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The Equality Act logo 2010

The Equalities Act & Street Furniture – Overview

Marshalls plc ammonite logo
Friday 2nd March, 2018

DDA Guidance Part 1:  Overview This 6 part guide serves as the Woodhouse knowledge base of how we interpret the DDA guidelines and therefore adapt the design of our street furniture for the most progressively inclusive public spaces. Originally partly prepared through my role as a member of the technical comittee of the the Landscape Institute and partly as Woodhouse continue to consult with clients, charities and landscape architects on the subject of the DDA. The Disability Discrimination Act 2005 (DDA) In light of this legislation, the design of street furniture elements for people with sight or mobility impairments needs to be carefully considered to ensure it is ‘fit for purpose’.  The DDA makes it unlawful for a provider of services to discriminate against a disabled person by making it unreasonably difficult for the disabled person to use a service.  Although this responsibility may ultimately lie with the client (a Local Authority for instance), it is still our duty to take ‘reasonable’ steps and modifications to make products that are suitable for all to use. Other useful documents:

  • BS8300:2001 ‘Design of buildings and their approaches to meet the needs of disabled people’ - Code of Practice provides guidance on good design practice so that facilities are convenient to use by disabled people.
  • ‘Inclusive Mobility by Philip Oxley - Publication issued by the Department of Transport.
  • Inclusive Mobility – A Guide to Best Practice on Access to Pedestrian and Transport Infrastructure 2002.
  • TFL Streetscape guidance.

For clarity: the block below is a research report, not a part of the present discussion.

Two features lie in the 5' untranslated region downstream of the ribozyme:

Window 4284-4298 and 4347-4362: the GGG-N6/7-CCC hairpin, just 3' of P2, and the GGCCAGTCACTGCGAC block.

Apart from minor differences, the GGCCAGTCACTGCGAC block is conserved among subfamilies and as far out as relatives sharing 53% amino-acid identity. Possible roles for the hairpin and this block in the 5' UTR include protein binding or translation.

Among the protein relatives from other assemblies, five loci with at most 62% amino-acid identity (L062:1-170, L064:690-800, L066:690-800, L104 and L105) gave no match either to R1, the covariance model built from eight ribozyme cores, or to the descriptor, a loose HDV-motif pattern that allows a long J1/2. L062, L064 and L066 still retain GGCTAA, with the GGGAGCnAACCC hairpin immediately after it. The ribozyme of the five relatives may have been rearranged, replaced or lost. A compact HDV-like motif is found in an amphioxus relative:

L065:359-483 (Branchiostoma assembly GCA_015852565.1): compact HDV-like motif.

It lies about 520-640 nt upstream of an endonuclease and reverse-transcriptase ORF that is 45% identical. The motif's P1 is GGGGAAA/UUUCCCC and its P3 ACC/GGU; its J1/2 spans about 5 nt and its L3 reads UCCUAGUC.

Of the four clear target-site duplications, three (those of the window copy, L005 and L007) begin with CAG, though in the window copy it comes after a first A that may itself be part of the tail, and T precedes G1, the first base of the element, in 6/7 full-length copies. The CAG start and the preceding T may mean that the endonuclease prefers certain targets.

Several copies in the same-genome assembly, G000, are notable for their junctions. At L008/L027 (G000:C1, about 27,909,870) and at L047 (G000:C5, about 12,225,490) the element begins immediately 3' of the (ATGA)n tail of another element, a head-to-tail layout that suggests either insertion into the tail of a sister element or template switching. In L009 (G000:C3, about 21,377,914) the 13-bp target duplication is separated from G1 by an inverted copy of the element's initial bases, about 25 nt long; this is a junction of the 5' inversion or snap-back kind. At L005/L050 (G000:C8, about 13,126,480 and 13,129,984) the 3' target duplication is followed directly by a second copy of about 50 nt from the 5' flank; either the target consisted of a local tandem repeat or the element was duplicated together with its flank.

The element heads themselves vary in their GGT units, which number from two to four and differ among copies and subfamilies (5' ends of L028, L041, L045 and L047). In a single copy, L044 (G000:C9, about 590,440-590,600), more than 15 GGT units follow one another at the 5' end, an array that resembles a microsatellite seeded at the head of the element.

In general, these guidelines have no legal status and compliance with them should not be regarded as full compliance with the DDA.   However, there is information available on established best practice that can be applied to our products. Common Disability Issues The term disability is a broad one. It includes people with physical, sensory or mental impairment; at a conservative estimate between 12 and 13 per cent of the population have some degree of impairment and many face barriers to movement in the environment.  In addition, there are many other people not conventionally considered to have a disability but encounter mobility problems eg people with small children, people carrying heavy shopping or luggage, people with temporary accident injuries and older people can all benefit from good design of the pedestrian and transport environment. While it is true that there are many aspects of design in the pedestrian environment that are helpful to all or most disabled people (and many able bodied too) there are also some specific facilities needed by people with a particular kind of impairment. Locomotion This category includes people who use wheelchairs and those who can walk but only with difficulty and often using some form of aid such as a stick or walking frame. Approaching 70% of disabled people have locomotion difficulties: those with walking difficulties outnumber wheelchair users by about 10:1. Sight Can be sub-divided into blind and partially sighted people. It is estimated that there are almost two million people in Great Britain with a significant sight loss. Hearing Can also be sub-divided into those who are profoundly deaf and those with impaired hearing, ranging from severe to mild deafness. The Royal National Institute for Deaf People (RNID) estimates that there are over eight million deaf or hard of hearing people in the UK of whom approaching 700,000 are severely or profoundly deaf. Reaching, stretching and dexterity Frequently as a result of advanced age and/or arthritis, which can make movements painful and difficult, or of muscular dystrophy (causing a loss of muscular strength), or complaints of the nervous system. Learning disabilities Making it hard to understand complicated information or to use complex machines (some ticket machines). It should be remembered that these categories are not mutually exclusive. Many disabled people, particularly older people, have more than one impairment.  Also, although it is not possible to consider the needs of every individual using the public realm, it should be recognised that a solution for one group of users may not assist another: rarely does one solution suit all.


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